Us runners tend to be an impatient bunch. We have lots of things that we want to happen and we want them to happen now. Things like wishing the humidity would get lost, for that race to be here now, for our pace to get quicker, or for the distances we can manage just to lengthen already. Another thing we tend to not want to wait for? Getting our runs started. When we know that we’ve got a run planned, we want to just go ahead and get it started already. This can result in us cutting one of the most important aspects of running out of our daily lives: the warm-up. Because — why would we want to “waste” precious running time on a warm-up? That just seems unnecessary. But, letting our impatience take over here is dangerous, as skipping a warm-up can lead to injury which can lead to needing to take a break from running all together. And if I know us runners, I know that that last sentence sounded like a nightmare. To help that nightmare from becoming a reality, we cannot skip the warm-up before we run.
Running is a high impact sport. While only our feet are stomping on the ground, the whole body is involved, desperately trying to stabilize and not collapse on itself. This is not exactly a motion that we should cannonball into, instead it should be eased. Having our bodies go from sitting down, relaxed positions to intense movements like running without any in between is a recipe for disaster. This is especially true for morning runners that like to run as soon as they wake up. Our bodies are at their most dormant stage while sleeping and need to be given a little time to get used to moving again. Those of us that run outside need to be even more careful about warming up. The lower the temperature gets, the more time it’s going to take our muscles to get warm and ready to run. Not warming up properly ups the risk for a runner’s worst nightmare: injury.
Once upon a time in the summer of 2013 I started running. I used the couch-to-5k app (highly recommend if you are looking to start running — it’s difficult but not impossible — and purchasing the app for $1.99 might give you the extra push to finish the program if not feeling like you are wasting money is the type of thing that drives you, not that I speak from experience) which has a 5-minute walk as a warm-up that you do before you do any sort of running at any time during the program. I went from a non-runner to being able to run a 5K in 9 weeks, with absolutely no injuries. When the program was over I started doing free runs sans tracking and thought that since I was such an experienced, professional runner now (excuse me, I DID run 5ks after all) I didn’t need that little, boring walk at the beginning of my runs. I thought that “my body would just know what to do” since I had been running for a whole 9 weeks. A few months after I became my own trainer I developed spin splints. I’ve since learned that I am a runner prone to injury and that if I try to run without warming up, I should pretty much just burn my running shoes because that would be less painful than my legs at the beginning, middle, and end of a run.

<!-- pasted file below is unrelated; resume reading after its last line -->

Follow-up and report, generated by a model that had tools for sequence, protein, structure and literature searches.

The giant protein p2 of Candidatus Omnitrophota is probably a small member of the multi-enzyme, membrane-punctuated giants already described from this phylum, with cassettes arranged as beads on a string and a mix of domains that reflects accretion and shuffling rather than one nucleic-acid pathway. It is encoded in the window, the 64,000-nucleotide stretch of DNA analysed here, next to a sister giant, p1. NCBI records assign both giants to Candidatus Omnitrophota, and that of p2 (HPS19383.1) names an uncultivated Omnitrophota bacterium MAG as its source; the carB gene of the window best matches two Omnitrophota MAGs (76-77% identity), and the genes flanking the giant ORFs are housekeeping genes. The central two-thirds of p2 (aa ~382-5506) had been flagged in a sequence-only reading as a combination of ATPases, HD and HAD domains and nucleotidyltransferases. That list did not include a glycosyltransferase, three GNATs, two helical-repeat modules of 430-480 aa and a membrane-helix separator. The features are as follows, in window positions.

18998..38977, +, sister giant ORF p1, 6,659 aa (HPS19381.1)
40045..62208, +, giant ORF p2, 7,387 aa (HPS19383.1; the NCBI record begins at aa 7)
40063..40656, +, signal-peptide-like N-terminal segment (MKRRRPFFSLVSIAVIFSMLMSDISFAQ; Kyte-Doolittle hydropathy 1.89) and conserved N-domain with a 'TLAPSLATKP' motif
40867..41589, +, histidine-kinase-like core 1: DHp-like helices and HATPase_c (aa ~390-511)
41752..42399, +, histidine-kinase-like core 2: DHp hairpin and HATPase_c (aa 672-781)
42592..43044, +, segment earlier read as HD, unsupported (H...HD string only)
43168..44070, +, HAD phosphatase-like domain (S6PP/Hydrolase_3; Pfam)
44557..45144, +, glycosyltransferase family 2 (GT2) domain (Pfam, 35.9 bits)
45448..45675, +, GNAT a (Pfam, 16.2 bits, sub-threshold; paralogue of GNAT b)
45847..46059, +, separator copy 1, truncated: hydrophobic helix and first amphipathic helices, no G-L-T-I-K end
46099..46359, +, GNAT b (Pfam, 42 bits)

A 5-minute walk pre-run might be enough if you aren’t prone to injury (lucky!) but for those of us that are, or if you are serious about preventing injuries, it’s not enough. Here’s where dynamic stretches come into play: we should be doing them before we even get on the road to start our walking warm-up. Dynamic stretches are movement focused stretches — as opposed to static stretches where you are holding a single position for 20-30 seconds — that warm up the entire lower body, core, back, and arms and help prep it for running. They only take a few minutes of time but in my experience, with my high-maintenance/highly-sensitive body, they are a huge part of the reason why I’m able to stay injury free. I follow this video from Runner’s World before every run: it’s accessible, quick, and most of all, it works. Like so many other runners, I struggle with tight/inflexible/annoying hip flexors and IT bands which can cause knee pain that cuts a run short if I don’t specifically warm them up. Because of this, I add this move and knee circles on at the end of the video, which I would recommend if you too are a sufferer of IT band issues. I do 2 sets of 15 reps on each side and that gets my legs warmed up nicely.
In addition to preventing injury, pre-run warm-ups have been linked to an improvement of workouts. Studies have shown that dynamic stretching prior to running can improve your run. Participants in the research that followed a warm-up including dynamic stretches recorded quicker times in sprints than those that did not or those who performed only static stretches pre-run. The dynamic stretching preps your body for movement and can increase coordination, which leads to a better workout. While I’m not a doctor or a professional runner, in my own at-home test of this, I’ve also found it to be the case. My runs now that I always warm-up feel significantly better than the ones that I was doing sans warm-up, and it helps to keep me completely injury free.
Do you warm-up before you run?
Featured image is by Curtis Mac Newton.